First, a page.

Austin J Gastroenterol. 2016; 3(2): 1061.
Histopathological Analysis of the Tissue Extracted on the Expandable Electrodes after Radiofrequency Ablation of Hepatocellular Carcinoma is Important to Predicting Local Recurrence
Department of Gastroenterology and Hepatology, Saiseikai Niigata Daini Hospital, Japan
*Corresponding author: TToru Ishikawa, Department of Gastroenterology and Hepatology, Saiseikai Niigata Daini Hospital, 280-7 Teraji, Niigata 950-1104, Japan
Received: May 29, 2016; Accepted: June 07, 2016; Published: June 09, 2016
The study by me and my colleagues our study in the May 2012 issue of Internal Medicine reported that the histopathology of the tissue adhering to the radiofrequency ablation (RFA) probes used for hepatocellular carcinoma treatment can predict local recurrence .
RFA was first used for the treatment of HCC in humans in 1993  after extensive animal studies [3,4]. RFA with a percutaneously inserted electrode can ablate tumors more completely than other locoregional treatments, and can thus reduce the rate of local recurrence [5,6].
Complete ablation of HCC is required for prevention of local recurrence and a good prognosis . Therefore, local recurrence after successful ablation of HCC using RFA is an important issue. Tissues adherent to the radiofrequency probe after ablation can be examined pathologically and may show coagulation necrosis . Given the fact that the histopathologic analysis of tissues adhering to the RFA probe after the procedure is feasible  and that complete necrosis can be immediately detected after the treatment , the objective of the our study was to assess the value of this post-procedural histological analysis as a possible predictor of local recurrence.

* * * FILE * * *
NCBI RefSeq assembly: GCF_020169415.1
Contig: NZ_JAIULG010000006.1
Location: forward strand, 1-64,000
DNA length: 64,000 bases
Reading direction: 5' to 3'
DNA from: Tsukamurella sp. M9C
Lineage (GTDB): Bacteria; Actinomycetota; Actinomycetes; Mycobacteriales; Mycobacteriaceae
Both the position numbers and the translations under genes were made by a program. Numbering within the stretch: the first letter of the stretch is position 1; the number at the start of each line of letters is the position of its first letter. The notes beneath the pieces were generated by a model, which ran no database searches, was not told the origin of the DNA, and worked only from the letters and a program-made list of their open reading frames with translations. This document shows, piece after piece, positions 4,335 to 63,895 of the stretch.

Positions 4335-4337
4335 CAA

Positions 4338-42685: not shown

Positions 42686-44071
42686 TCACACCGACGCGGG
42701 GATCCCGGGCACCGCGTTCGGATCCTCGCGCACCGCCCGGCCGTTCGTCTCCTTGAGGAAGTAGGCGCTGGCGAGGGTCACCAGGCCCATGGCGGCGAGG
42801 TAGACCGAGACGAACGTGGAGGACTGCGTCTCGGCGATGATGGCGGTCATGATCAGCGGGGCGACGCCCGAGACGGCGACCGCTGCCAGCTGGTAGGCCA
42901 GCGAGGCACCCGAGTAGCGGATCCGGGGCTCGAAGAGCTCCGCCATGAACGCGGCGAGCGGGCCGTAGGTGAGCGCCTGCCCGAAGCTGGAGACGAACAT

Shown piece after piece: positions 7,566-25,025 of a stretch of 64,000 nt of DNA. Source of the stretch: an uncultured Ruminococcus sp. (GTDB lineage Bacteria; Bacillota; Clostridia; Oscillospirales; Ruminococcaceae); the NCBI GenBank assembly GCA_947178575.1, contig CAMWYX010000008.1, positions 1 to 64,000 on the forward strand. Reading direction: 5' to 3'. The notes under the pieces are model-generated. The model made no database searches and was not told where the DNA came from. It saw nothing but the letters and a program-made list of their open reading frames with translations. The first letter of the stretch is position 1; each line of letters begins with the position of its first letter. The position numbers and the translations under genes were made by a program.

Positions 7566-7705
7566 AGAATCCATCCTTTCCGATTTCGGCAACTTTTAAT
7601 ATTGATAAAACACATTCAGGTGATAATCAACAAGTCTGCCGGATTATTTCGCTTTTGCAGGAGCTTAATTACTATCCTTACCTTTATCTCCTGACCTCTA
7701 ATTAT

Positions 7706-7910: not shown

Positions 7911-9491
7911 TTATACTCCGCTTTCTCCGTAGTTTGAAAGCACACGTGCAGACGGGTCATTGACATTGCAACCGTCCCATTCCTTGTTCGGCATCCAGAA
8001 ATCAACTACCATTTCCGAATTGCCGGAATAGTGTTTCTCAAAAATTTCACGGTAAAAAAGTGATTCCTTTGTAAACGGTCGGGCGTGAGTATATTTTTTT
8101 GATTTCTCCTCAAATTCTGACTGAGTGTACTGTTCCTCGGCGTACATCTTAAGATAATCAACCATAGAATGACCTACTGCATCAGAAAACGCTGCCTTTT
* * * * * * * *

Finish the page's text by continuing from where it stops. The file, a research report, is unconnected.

We found that from the HCC tumors 3 cm in size, viable tissue was present in 6 (2.1%) of 284 specimens, and the local recurrence rates after 1 and 2 years of follow-up were 6.7% and 11.2%, respectively . Local recurrence developed significantly earlier in the viable tissue group. The recurrence rate was not significantly different based on whether transcatheter arterial chemoembolization was performed .
Herein, we would like to raise the following comments: In our study , additional aggressive treatment (such as embolization, radio-embolization, local arterial chemotherapy or systemic treatment) for patients with viable tissue can therefore improve the overall survival if histopathology of the tissue adhering to the radiofrequency ablation is viable. This approach may improve the clinical outcomes in patients with HCC who undergo treatment with RFA. Further prospective trials concerning the histological analysis of RFA are needed.
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